Last semester I did a course called Language Through an African Lens and one of the things that fascinated me was linguistic Identity. Language is how we communicate and engage with the world around us, identifying with one brings a source of pride which then expands to cultural beliefs, morals and values e.t.c. I have seen so many people who do not speak their mother tongue; the language you would expect them to speak if they tell you who their parents are. Without even going far I have my brother who struggles to construct a full sentence in Shona and cousins who barely know how to greet LOL. It is easy to assume that if your parents speak a particular language then you should be able to do so too. However a lot goes into linguistic identity, diaspora kids can attest to that. Today I will share a bit about my views and experiences with linguistic identity.
My parents made a conscious decision to use English at home so as to improve our communication skills in the environment that we would grow up in, this made it easy for us to integrate with different people. I think this actually had an impact on the friends that I have, now that I think about it. Most of my friends are people who identify with minority linguistic groups in their environment and thus use English to get by.
Does linguistic identity change over time?
I love travelling and exploring different cultures, last year I was in Thailand with a group of friends, and it was quite an experience in terms of communication. In Thailand there were very few English speaking Thai people in the area that we were in. We found ourselves using single words as full sentences, for example if you wanted water, you would just say ‘water’ and gesture drinking, repeating the word seemed to have an impact so we would say “water, water’ and you would get a nod and water would come right away. When shopping we would ask ‘how much?’ and the shopkeeper would tell us the price, no matter what the price was we would all yell “too much, too much”, “cheap, cheap for us”. This became a signature move that got us better deals all the time. In this environment we found that less was more. Despite the obvious skin colour that shouted tourist before we even spoke a word, when we did speak most of the Thai people could guess right where we were from.
We met a couple that relocated to Thailand for ministry purposes and we became friends. They told us how they had to quickly learn Thai to enable their church to grow. They said they used the one word tactic for a while until they realized they had to learn the language and adapt if they wanted to thrive. They taught us a few words that we were proud to use in our stay there and use in our story telling when we came back home; like ‘sawadee ka’ which means Hallo.
One might find themselves having to speak another language for effectiveness, I however don’t think that this changes your linguistic identity. Identity makes us unique and changing one’s identity every time you are in a different linguistic environment means losing your uniqueness, in fact not having it at all. I think we adjust to our changing linguistic environments but we however keep our linguistic identities.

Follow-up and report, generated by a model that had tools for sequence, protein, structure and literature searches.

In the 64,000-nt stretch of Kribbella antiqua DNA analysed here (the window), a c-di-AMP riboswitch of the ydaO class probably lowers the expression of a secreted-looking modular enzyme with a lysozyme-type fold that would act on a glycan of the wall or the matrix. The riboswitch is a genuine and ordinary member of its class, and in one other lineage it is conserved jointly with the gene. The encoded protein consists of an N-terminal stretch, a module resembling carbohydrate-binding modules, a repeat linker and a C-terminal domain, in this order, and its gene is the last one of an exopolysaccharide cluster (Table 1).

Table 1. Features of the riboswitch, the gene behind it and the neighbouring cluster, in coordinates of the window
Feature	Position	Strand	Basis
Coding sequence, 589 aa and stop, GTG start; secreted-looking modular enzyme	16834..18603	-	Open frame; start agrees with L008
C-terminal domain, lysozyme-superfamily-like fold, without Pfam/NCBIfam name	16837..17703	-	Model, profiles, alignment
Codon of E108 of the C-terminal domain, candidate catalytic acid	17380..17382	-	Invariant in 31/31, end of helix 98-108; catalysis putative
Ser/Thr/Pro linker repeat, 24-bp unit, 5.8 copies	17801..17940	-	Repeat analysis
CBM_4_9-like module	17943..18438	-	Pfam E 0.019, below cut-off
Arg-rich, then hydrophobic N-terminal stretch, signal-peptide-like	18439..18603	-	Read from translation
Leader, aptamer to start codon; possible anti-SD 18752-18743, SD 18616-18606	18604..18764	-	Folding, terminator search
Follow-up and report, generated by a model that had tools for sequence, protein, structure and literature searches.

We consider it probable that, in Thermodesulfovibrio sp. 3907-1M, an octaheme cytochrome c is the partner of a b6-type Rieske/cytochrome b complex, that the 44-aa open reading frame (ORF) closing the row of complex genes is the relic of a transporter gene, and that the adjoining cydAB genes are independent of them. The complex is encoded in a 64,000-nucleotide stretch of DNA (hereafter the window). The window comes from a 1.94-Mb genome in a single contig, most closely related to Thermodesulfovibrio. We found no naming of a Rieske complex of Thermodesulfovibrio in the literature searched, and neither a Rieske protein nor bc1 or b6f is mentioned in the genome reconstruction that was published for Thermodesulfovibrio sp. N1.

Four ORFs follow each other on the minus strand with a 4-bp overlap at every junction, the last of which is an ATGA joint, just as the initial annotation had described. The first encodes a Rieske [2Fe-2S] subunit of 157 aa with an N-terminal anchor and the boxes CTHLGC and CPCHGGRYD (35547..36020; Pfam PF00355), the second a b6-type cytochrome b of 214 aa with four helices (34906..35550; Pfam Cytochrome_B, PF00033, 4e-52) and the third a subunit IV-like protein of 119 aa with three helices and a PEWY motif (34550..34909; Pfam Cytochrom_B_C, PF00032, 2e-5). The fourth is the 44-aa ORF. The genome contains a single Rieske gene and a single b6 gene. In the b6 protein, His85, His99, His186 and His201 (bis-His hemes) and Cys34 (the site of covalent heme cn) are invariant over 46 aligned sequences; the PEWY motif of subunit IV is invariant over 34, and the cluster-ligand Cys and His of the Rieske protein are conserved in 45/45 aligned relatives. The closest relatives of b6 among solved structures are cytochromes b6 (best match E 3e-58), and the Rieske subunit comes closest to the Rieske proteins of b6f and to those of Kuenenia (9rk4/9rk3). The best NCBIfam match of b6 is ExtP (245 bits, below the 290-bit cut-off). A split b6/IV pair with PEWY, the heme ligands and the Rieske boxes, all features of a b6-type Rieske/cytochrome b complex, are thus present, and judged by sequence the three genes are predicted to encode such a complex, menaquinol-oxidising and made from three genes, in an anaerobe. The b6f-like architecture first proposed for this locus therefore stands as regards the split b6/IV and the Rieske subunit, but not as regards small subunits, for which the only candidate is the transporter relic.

Travelling in Africa is a different story. Because the colour of our skin is the same, it took much more than that to identify us as tourists. English is used as a medium of communication in most African countries thus these trips proved to be much more educational as we got more people that could actually explain to us extensively about their country.
In a country like Mozambique where they were colonised by the Portuguese, I expected to have a similar experience with Asia, I however found that most of the people just off the boarder of South Africa, KZN could speak Zulu. I spoke Zulu a lot during my stay there. Conversing in Zulu did not however avoid the conversation of linguistic identity, I think because they were using Zulu purely as a method of communication they did not assume anyone who speaks it is actually Zulu.
I had many conversations about what languages I spoke and would proudly identify myself as Shona. When I visit my Shona grandparents who speak very little English, I struggle a bit as I have to speak pure Shona and not the pimped up version that I actually speak.
For me linguistic identity is not just what language I speak well but actually what linguistic group I belong to based on my family history. I do not think that my linguistic identity changed over the years because I believe adapting to my environment does not constitute changing who I am. English dominates my thinking and my world view, purely because it is a universal language and I think it helps to be a more effective member of the global society. I don’t think it affects my cultural beliefs and identity because English is just what I use to express my beliefs and identity and not what I identify with as my linguistic identity.
I might not be able to speak the language I identify with well but that doesn’t change who I am. You can have a ndebele person who cannot speak ndebele, they are still ndebele.
My linguistic environment contributed to who I am today, it has made me an open minded person, open to accepting differences and understanding people the way they wish to be understood.
Do you think linguistic identity changes over time? What is your definition of linguistic identity?
Till next week